In June 1963 the United States and the Soviet Union agreed in a Memorandum of Understanding to establish a Direct Communications Link, known as the "Hot Line," for use in time of emergency. Each agreed to ensure prompt delivery to its head of government of any communications received over the Direct Communications Link from the other head of government. (See "Hot Line" section.) Eight years later, the "Hot Line" was updated by a September 30, 1971, agreement negotiated by a special working group of the U.S. and Soviet SALT delegations and signed by the U.S. Secretary of State and the Soviet Foreign Minister. This agreement provided for the addition of two satellite circuits to the "Hot Line." Those two circuits became operational in 1978. (See "Hot Line" modernization section.)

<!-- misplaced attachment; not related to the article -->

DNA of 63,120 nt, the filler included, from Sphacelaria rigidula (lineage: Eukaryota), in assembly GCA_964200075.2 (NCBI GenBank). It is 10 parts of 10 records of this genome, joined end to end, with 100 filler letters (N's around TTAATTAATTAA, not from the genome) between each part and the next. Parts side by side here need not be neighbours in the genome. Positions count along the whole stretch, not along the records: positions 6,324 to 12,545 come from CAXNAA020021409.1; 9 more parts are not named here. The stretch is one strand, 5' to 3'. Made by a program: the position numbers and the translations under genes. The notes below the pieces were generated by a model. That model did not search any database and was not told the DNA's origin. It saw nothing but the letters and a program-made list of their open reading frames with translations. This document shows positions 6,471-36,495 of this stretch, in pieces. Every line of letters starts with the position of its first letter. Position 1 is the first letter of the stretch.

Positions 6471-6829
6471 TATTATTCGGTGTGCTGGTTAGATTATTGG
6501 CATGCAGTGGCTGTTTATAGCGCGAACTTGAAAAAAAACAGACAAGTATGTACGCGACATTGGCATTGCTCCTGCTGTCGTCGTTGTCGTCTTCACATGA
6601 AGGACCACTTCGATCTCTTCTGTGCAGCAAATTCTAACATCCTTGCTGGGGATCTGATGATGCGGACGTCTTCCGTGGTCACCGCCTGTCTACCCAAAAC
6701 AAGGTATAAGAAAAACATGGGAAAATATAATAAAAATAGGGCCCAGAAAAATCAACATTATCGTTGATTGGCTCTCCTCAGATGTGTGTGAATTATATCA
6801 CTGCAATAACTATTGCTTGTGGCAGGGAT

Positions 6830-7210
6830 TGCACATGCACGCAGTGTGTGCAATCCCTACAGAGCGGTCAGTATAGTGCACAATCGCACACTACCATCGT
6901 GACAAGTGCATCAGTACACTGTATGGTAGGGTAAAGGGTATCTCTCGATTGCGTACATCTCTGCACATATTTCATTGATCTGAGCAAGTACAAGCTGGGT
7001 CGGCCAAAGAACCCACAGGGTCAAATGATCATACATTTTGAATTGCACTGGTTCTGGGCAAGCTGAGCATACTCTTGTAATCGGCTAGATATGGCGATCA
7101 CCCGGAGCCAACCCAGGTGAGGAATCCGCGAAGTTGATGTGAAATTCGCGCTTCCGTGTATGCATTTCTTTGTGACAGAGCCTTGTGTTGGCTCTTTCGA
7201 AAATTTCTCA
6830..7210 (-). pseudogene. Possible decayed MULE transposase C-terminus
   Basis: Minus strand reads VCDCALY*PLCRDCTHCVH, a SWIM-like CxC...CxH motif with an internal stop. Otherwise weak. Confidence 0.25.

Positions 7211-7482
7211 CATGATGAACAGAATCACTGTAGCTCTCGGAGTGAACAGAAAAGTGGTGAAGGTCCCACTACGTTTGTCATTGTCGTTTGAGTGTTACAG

In May 1983 President Reagan proposed to upgrade the "Hot Line" by the addition to the existing equipment of a high-speed facsimile transmission capability. This proposal was recommended to the President following a study of possible initiatives for enhancing international stability and reducing the risk of nuclear war. That examination, which involved all concerned U.S. Government agencies, was mandated by the Congress in the Department of Defense Authorization Act of 1983.
As a result of this initiative, negotiations between the United States and USSR on improving bilateral communications links opened in Moscow in August 1983. Subsequent rounds were held in Washington in January 1984, in Moscow in April 1984, and again in Washington in July 1984. Those discussions resulted in an accord, signed on July 17, 1984, to add a facsimile transmission capability to the "Hot Line." This capability became operational in 1986. This agreement was subsequently updated by an exchange of diplomatic notes in Washington, D.C., on June 24, 1988.